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    Making the Most Out of Life as a Music Major

    Posted November 15, 2014, 3:00 pm by Dr. Iris Perry
    music major

    Majoring in music and becoming a professional musician is hard work. Along the way, make sure to make the most out of life with these tips.

    1. Practice.

    One of the most important aspects of being a music major and ultimately, life as a professional musician is practice. On a daily basis, musicians have to focus on refining their skills, technique, and musicianship. Sometimes practice can be grueling and put on the back burner with all the other distractions in a college student’s life. As a former music major, now professional musician, I can honestly attest to the fact that although I had practiced a lot during my college years, I still regret the times when I didn’t take full advantage of all of the time and stress-free life I had back then, which was truly conducive to practicing. As an adult, life’s responsibilities, like paying the bills, tending to a house and kids, teaching, etc., all interfere with the ever cherished practice time.

    2. Play in Ensembles.

    One of the most rewarding things about being a music major is the opportunity to participate in ensembles with other musicians of comparable levels. There are so many musicians at your disposal to work with and great teachers to coach you. Out in the real world, it is harder to find chamber music partners/ fellow musicians to jam with, the time to rehearse, and coaches who will work with you without taking exorbitant amounts of money. One can develop tremendously as a musician by playing with others and obtain skills such as greater analytical listening, sensitivity to others, and ability to work well as a “team player.”

    3. Attend Concerts.

    One of the most popular places where music lives is college campuses. High quality, often world-renowned performers will grace their presence at college and university campuses for reasonable fees to the public and especially to students, who receive discounts with their college student IDs. Students are given precious opportunities to attend great concerts, master classes and lectures, if they just take the time to do it. Music Majors can learn a lot about performing and teaching through observing professionals at work.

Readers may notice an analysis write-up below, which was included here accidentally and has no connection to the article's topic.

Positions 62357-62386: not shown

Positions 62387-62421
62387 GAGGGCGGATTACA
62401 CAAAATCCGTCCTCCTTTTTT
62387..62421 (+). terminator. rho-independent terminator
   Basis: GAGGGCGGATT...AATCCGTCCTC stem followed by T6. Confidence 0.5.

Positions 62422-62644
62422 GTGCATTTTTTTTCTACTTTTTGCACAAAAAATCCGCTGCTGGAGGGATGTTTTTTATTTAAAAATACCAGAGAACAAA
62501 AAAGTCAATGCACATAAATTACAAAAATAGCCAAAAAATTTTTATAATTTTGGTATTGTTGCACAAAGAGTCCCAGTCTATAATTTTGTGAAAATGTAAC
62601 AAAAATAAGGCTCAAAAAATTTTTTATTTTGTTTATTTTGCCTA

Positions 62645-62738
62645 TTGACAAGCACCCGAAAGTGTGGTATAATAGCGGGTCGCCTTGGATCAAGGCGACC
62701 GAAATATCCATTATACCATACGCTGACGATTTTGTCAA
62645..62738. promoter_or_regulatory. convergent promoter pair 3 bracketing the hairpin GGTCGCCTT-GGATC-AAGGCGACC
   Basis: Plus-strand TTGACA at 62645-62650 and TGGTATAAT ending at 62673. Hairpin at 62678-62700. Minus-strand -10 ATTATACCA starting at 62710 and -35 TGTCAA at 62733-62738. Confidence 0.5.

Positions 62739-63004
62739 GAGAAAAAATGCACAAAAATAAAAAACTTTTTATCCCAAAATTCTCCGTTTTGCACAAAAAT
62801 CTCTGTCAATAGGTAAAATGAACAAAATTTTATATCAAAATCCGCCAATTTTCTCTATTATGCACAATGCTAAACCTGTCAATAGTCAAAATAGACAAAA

4. Expand Your Horizons.

    Music majors and musicians tend to live a rather isolated and sheltered life, often spending countless hours in a practice room and interacting solely with other musicians. I found that arts administration/music management/music industry or simply business courses in marketing and accounting were a real eye opener for me which, in the long term, helped me land jobs in arts administration and in the corporate world. I highly recommend pursuing arts business courses to help musicians with the art of entrepreneurship which they will need as performers and teachers, or taking courses in other fields just to provide a more worldly view of life.

    Enjoy Your Time.

    Life is short and the college experience is one of the best one can have in their lifetime. So, enjoy your time and consider being a music major a privilege. Enjoy every moment you have to perfect your craft, take lessons with experts, play in ensembles, practice and perform!

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    Dr. Iris Perry

    Dr. Iris Perry

    Dr. Iris Perry has performed to high acclaim as a piano recitalist, chamber musician, vocal accompanist, and soloist with orchestras throughout Austria, Holland, Romania, former Soviet Republics and the United States. Dr. Perry is currently a professor at Bergen Community College and William Paterson University, where she is also the Director of Music Admissions (www.wpunj.edu/music) and Executive Director of the William Paterson Academy of Music (WPAM).